Trials, if they happen at all, will be based upon confessions obtained wholly unlawfully. International law prohibits interrogation of prisoners of war. The Third Geneva Convention calls for a properly constituted tribunal to decide whether persons captured during a conflict are prisoners of war, who must be treated humanely, or civilians taken in error, who must be released.

Of the nine British citizens held at Guantanamo, the British government has said there is nothing with which two of them - Feroz Abbasi and Moazzem Begg - could be charged with under British law.

British residents Bisher al-Rawi, an Iraqi resident in Britain for 19 years, and Jamil al Banna, a Jordanian granted refugee status in Britain, were arrested on a business trip to the Gambia and handed to CIA agents with the collaboration of the British High Commission. They were sent first to Bagram in Afghanistan and then to Guantanamo. No evidence has been produced against them except possession of an Argos battery charger, for which 'crime' the British authorities let them go after stopping them at Gatwick.

In Britain 16 people have been detained since December 2001 without trial for an indefinite period under the Anti-Terrorism, Crime and Security Act (ATCSA) 2001. Their appeals against detention are being heard by the Special Immigration Appeals Commission (SIAC), which uses evidence - some of it obtained under duress from Guantanamo Bay prisoners - which is kept secret even from the detainees.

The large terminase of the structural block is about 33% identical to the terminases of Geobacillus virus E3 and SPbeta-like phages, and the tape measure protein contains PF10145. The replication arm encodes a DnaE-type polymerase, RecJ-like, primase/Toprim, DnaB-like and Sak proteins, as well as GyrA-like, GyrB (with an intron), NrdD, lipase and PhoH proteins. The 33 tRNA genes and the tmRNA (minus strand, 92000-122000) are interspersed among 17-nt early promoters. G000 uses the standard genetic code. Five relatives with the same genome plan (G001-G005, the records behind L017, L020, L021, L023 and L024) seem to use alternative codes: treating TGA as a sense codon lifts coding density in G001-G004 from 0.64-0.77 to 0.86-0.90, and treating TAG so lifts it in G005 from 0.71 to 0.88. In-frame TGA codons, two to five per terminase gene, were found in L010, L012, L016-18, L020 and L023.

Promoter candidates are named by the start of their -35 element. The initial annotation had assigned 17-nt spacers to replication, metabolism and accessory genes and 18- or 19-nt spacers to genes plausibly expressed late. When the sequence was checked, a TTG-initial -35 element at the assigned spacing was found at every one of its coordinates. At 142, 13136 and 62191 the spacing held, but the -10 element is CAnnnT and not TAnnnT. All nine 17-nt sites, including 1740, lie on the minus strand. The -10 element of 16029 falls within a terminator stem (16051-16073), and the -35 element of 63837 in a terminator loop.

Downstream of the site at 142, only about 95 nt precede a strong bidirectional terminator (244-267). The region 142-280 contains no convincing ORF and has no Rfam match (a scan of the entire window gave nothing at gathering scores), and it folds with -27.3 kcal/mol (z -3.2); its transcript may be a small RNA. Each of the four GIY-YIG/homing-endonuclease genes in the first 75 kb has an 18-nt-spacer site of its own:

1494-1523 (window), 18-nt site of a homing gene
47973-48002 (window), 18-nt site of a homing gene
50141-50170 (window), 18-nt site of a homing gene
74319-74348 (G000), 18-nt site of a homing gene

Ten of the detainees lost their appeals against detention at SIAC on 29 October. Gareth Peirce, the solicitor acting for eight of the men, criticised the deference shown to the security services and the government. The same political agenda that created weapons of mass destruction, and claimed there was an immediate threat to this country, has created a wish to find danger from the presence in this country of these appellants, she said. Amnesty International said that the judgement was a perversion of justice. An Amnesty spokesperson said, The shockingly low burden of proof, which the SlAC ruled that the Secretary of State had met, violates the right to the presumption of innocence.

23 political organisations in the Middle East, North Africa, Turkey, Kurdistan and Sri Lanka have been banned under the Terrorism Act 2000, including several never accused of any violent act on British soil and others not engaged in armed struggle anywhere. 'Terrorism' is being used as an excuse to detain, interrogate and intimidate migrant and refugee communities. These perversions of justice and violations of human rights are taking place despite the multiple powers the state already has to deal adequately with violent crime or its planning. Anti-terrorism laws are also being used to suppress political dissent and legal protest.

In the United States, Afghanistan and Iraq, the US and UK authorities are holding a large number of detainees without charge or trial under anti-terrorism legislation, or merely as security detainees.

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Jamie McgrathBy: